Sarah Palin needs to apologize. She needs to call for her supporters to think reasonably and overcome their fear. McCain is a disgrace for allowing her free rein, but she is the true traitor.

    October 11, 2008 04:51 pm at 4:51 pm |
  16. Audrey

    You know if anything hurtful or dangerous happens to Obama or his family, it will be the McCain/Palin campaign's fault.

    October 11, 2008 04:51 pm at 4:51 pm |
  17. Independent in New York

    Sarah Palin is a dangerous lunatic. It is her outlandish behavior that has ruin Sen. John McCain's campaign. John Lewis is perfectly right. After all , who is more appropriate to identify these behaviors. There is anything that Sen. Obama should repudiate.

    October 11, 2008 04:51 pm at 4:51 pm |
  18. hugh,lewisville,tx


    October 11, 2008 04:51 pm at 4:51 pm |
  19. no joe 6pak

    What we now have is a candidate whose mental records history
    is permanently sealed and who is now endorced by the
    NRA. Pretty risky business!

    October 11, 2008 04:51 pm at 4:51 pm |
  20. Marie

    The thing about this that gets me is that McCain & Palin are supposed to be Christians. If these actions they are encouraging are Christian, well, I have a bridge to sell you that goes nowhere. These are the most hateful disgusting people I have ever seen. I used to like John McCain even though I would not have voted for him in any case. But it seems that the moment he tied his campaign to Miss Alaska, the whole thing has gone down into the gutter. I predict a very ugly debate this Wednesday. It's his last chance.

    October 11, 2008 04:52 pm at 4:52 pm |
  21. John B.

    It is about time someone with credibility called what has been going on what it is. The Nixonian attitude that " the ends justify the means" has got to be stopped before the healing the nation needs is set back decades by the rhetoric encouraged by the Senator McCain and his crowd,

    Only he can absolve himself of what he and his campaign have created. He and his crowd owe America an apology.

    Senator McCain is not the man I supported in 2002 in Michigan.As a veteran of 26+ years it is sad to witness one of my heros allowing such tactics in his quest to be the leader of the country.

    October 11, 2008 04:52 pm at 4:52 pm |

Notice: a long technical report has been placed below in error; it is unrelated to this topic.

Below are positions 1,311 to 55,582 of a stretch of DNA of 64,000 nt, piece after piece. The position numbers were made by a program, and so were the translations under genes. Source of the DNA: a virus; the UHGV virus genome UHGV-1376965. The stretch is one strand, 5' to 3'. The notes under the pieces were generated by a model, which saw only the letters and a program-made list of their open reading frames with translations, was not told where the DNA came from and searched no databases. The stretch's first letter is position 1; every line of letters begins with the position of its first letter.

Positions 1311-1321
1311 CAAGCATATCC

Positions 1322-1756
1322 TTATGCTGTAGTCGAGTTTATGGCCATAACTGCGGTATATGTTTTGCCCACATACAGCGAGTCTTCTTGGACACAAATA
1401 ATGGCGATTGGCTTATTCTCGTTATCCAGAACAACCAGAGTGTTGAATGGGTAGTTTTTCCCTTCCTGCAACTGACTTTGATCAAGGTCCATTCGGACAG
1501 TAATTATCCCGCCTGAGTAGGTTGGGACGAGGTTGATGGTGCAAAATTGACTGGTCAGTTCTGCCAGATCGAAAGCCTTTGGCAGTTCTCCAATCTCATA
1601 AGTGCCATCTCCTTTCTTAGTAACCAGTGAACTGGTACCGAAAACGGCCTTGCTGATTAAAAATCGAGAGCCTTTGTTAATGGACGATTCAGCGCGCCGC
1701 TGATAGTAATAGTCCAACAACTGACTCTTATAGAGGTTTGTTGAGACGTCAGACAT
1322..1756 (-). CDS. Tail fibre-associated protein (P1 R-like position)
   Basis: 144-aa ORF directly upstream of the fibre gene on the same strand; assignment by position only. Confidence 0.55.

22. walters

    No way Obama repudiates Lewis, McCain the supposedly fit for commander in chief, could not even rein his own campaign including Sarah Palin for the hatered they spewed. Palin has been Hannitized two weeks prior by the cotton ball head radio host at Fox network. McCain harvested what he saw. Obama / Biden 08

    October 11, 2008 04:52 pm at 4:52 pm |
  23. This is really Hillarious!!!!

    I would post my view point on this issue but since CNN Deletes all the Republican votes I won't bother.
    I always liked reading CNN on my computer everyday. But not any more. All you are doing by sensoring all the posts is trying to paint Obama into the white house and loosing all creditability with the American public in the process. Get a life. It won't work. The American people are too smart to fall for all your crap. Racism has nothing to do with it. This country was started by God faring Christian people and that is what the Democratic party is trying to corrupt. Have a nice day.

    October 11, 2008 04:52 pm at 4:52 pm |
  24. GF

    The truth must be very "shocking" to a campaign who repeatedly avoids it.


    NO way, No, how, No McCain/Palin

    October 11, 2008 04:52 pm at 4:52 pm |
  25. Tim in NC

    Up until that last rally where he put that old lady in her place, Mr.Lewis' comments were right on the money.

    Palin was encouraging it, and McCain was condoning it via his silence about the comments directed at Obama.

    When Palin repudiates her hate-filled rants, then Mr. Lewis may be called upon, fairly to rescind his comments.

    October 11, 2008 04:52 pm at 4:52 pm |